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A Journal on Otorhinolaryngology, Head and Neck Surgery,
Plastic Reconstructive Surgery, Otoneurosurgery

Indexed/Abstracted in: EMBASE, Scopus




Otorinolaringologia 2010 September;60(3):207-11

language: English

Intratympanic treatment for chemotherapy-related ototoxicity

Parham K.

Division of Otolaryngology, Department of Surgery, University of Connecticut Health Center, Farmington, CT, USA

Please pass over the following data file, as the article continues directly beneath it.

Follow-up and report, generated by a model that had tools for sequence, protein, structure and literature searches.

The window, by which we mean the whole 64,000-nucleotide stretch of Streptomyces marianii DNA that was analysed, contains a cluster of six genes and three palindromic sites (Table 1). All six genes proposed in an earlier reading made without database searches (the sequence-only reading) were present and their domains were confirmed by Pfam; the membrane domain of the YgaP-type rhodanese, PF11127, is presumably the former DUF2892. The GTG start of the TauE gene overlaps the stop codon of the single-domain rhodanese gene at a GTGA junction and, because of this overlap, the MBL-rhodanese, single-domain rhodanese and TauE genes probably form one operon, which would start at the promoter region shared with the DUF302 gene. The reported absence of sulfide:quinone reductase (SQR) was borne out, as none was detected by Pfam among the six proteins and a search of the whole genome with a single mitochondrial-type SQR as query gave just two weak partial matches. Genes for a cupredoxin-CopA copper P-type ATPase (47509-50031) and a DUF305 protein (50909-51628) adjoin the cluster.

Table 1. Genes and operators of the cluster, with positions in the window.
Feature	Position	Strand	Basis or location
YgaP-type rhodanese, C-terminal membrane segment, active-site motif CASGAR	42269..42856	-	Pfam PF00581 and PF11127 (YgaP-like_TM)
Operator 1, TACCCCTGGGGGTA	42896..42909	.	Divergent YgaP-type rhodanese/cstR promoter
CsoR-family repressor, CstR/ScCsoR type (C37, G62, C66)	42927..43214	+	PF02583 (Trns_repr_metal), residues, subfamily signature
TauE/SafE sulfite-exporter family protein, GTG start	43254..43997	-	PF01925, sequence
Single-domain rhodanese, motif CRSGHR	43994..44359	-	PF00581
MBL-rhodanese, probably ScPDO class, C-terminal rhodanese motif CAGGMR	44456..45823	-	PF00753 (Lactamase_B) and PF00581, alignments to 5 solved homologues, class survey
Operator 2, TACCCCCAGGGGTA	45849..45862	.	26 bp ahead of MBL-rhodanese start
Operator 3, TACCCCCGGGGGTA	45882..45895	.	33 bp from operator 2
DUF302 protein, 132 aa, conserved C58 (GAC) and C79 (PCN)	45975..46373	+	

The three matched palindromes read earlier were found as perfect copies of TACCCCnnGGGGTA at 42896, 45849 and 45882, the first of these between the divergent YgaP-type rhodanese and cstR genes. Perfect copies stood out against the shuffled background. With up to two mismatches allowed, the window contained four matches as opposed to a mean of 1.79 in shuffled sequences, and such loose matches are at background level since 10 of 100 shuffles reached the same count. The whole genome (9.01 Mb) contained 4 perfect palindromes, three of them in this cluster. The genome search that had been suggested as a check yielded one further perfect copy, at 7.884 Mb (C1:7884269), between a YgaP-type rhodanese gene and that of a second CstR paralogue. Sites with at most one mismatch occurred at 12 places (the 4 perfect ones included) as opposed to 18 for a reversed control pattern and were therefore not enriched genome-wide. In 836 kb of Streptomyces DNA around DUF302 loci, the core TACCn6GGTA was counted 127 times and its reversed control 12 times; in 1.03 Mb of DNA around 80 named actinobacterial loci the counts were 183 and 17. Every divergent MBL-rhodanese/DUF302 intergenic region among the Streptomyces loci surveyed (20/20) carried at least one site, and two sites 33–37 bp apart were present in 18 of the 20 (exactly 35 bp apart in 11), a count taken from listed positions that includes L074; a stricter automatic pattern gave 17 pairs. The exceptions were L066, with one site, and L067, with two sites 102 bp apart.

Cisplatin-induced ototoxicity is a common side effect of chemotherapeutic regimens aimed at treating several types of malignant solid tumors. Cisplatin ototoxicity is likely mediated by multiple cellular mechanisms which lead to accumulation of reactive oxygen species (ROS) and apoptosis. Cisplatin targets in the cochlea include the outer hair cells (OHC), spiral ganglion cells and stria vascularis. There are currently a number of clinical trials underway to assess the efficacy of systemic antioxidants in ameliorating ototoxic side effects of cisplatin. However, there is concern that systemic administration of antioxidants may interfere with anti-neoplastic properties of chemotherapeutic regimens. Intratympanic (IT) administration of drugs offer an alternative route of delivery of ‘rescue’ medications to the cochlea to minimize systemic absorption, thus reducing the risk of altering the efficacy of chemotherapeutic regimens. This article reviews the available experimental evidence on the effectiveness of IT therapy in protecting auditory function from cisplatin ototoxicity. Promising agents include dexamethasone, which is currently in use in treatment of other diseases of the inner ear. Latest research has improved our understanding of the cellular mechanisms that lead to ototoxicity and permitted emergence of targeted therapeutic strategies, such as IT application of short interfering RNA to inhibit NADPH oxidase, a key generator of ROS. The experimental results reviewed in this paper suggest a promising future in protecting hearing against cisplatin-induced ototoxicity.

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